Neural substrates of appetitive and aversive prediction error

Neurosci Biobehav Rev. 2021 Apr:123:337-351. doi: 10.1016/j.neubiorev.2020.10.029. Epub 2021 Jan 13.


Prediction error, defined by the discrepancy between real and expected outcomes, lies at the core of associative learning. Behavioural investigations have provided evidence that prediction error up- and down-regulates associative relationships, and allocates attention to stimuli to enable learning. These behavioural advances have recently been followed by investigations into the neurobiological substrates of prediction error. In the present paper, we review neuroscience data obtained using causal and recording neural methods from a variety of key behavioural designs. We explore the neurobiology of both appetitive (reward) and aversive (fear) prediction error with a focus on the mesolimbic dopamine system, the amygdala, ventrolateral periaqueductal gray, hippocampus, cortex and locus coeruleus noradrenaline. New questions and avenues for research are considered.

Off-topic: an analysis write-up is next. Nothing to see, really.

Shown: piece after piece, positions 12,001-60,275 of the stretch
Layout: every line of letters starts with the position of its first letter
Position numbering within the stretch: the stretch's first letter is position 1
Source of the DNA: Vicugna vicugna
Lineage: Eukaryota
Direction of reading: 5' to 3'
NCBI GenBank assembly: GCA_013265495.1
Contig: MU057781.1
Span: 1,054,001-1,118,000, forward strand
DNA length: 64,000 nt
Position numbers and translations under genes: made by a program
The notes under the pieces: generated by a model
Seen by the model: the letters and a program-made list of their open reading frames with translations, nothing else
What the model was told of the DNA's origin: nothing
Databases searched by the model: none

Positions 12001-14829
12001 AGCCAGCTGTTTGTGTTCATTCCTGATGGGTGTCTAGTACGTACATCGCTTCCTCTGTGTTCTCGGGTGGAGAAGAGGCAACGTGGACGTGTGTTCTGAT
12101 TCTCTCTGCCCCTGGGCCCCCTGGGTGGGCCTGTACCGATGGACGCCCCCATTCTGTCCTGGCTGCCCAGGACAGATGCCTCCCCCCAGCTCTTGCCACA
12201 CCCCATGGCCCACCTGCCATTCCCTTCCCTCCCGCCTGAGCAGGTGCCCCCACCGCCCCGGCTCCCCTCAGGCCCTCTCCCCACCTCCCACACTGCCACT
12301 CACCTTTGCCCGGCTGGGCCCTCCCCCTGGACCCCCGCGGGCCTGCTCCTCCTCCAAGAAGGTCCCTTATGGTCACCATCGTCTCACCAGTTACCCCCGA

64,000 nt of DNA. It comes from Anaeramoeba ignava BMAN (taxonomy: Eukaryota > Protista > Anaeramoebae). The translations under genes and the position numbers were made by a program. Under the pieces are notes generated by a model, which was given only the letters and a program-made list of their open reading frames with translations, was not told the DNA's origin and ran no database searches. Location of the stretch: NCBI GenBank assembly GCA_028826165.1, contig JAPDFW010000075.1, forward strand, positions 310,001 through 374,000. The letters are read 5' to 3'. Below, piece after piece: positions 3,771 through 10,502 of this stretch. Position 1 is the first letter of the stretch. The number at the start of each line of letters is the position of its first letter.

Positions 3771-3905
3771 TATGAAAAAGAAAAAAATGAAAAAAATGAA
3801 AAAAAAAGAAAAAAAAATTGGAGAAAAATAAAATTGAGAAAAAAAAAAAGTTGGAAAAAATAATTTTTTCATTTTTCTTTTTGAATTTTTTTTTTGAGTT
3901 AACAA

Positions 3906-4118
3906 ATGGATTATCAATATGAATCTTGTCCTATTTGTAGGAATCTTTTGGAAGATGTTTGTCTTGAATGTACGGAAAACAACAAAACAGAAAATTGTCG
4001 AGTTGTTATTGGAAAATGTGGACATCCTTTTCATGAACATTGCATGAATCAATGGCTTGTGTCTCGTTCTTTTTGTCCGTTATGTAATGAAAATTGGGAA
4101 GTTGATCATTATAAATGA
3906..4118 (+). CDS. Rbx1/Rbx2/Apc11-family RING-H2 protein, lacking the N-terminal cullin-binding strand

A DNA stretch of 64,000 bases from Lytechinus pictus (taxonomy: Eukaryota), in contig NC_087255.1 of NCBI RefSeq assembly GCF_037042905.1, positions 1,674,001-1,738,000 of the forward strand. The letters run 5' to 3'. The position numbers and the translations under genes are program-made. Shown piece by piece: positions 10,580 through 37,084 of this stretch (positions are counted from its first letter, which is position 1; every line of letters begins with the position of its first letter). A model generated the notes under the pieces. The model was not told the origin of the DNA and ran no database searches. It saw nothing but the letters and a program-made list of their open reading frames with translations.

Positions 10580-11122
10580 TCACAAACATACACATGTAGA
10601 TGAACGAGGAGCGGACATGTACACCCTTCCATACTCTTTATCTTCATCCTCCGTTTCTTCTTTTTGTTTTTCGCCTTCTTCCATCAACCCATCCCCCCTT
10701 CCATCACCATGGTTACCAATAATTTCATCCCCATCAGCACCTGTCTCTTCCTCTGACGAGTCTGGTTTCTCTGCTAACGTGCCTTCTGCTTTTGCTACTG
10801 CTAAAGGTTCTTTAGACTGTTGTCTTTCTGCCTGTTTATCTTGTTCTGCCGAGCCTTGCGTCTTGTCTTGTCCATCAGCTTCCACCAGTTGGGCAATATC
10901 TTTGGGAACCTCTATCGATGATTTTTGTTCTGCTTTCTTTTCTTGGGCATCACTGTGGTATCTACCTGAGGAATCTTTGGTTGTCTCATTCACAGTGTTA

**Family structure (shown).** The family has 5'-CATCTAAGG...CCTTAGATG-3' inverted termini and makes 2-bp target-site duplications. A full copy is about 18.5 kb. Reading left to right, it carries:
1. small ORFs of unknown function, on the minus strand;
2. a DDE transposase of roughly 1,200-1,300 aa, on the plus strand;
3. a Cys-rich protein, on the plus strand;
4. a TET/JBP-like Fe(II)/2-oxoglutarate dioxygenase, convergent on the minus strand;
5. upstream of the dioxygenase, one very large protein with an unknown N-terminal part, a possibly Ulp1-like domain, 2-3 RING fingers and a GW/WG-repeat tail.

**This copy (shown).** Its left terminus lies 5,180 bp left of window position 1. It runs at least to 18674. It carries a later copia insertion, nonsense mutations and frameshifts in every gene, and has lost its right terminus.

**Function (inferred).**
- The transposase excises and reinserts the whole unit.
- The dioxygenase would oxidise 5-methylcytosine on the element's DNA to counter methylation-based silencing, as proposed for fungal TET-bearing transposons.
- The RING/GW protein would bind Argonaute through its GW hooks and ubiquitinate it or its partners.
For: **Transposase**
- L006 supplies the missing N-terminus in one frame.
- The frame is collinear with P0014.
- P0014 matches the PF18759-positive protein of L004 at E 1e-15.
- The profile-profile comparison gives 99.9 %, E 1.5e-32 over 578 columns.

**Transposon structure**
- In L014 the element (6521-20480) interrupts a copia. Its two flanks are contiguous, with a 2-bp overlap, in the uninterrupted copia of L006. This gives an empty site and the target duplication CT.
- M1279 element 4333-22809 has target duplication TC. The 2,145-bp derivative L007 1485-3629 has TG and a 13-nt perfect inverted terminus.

Keywords: Amygdala; Attention; Dopamine; Fear; Learning; Noradrenaline; Opioids; Periaqueductal gray; Reward.

Publication types

  • Research Support, N.I.H., Extramural
  • Research Support, Non-U.S. Gov't
  • Review

MeSH terms

  • Animals
  • Appetitive Behavior
  • Brain
  • Conditioning, Classical*
  • Fear
  • Humans
  • Learning
  • Reward*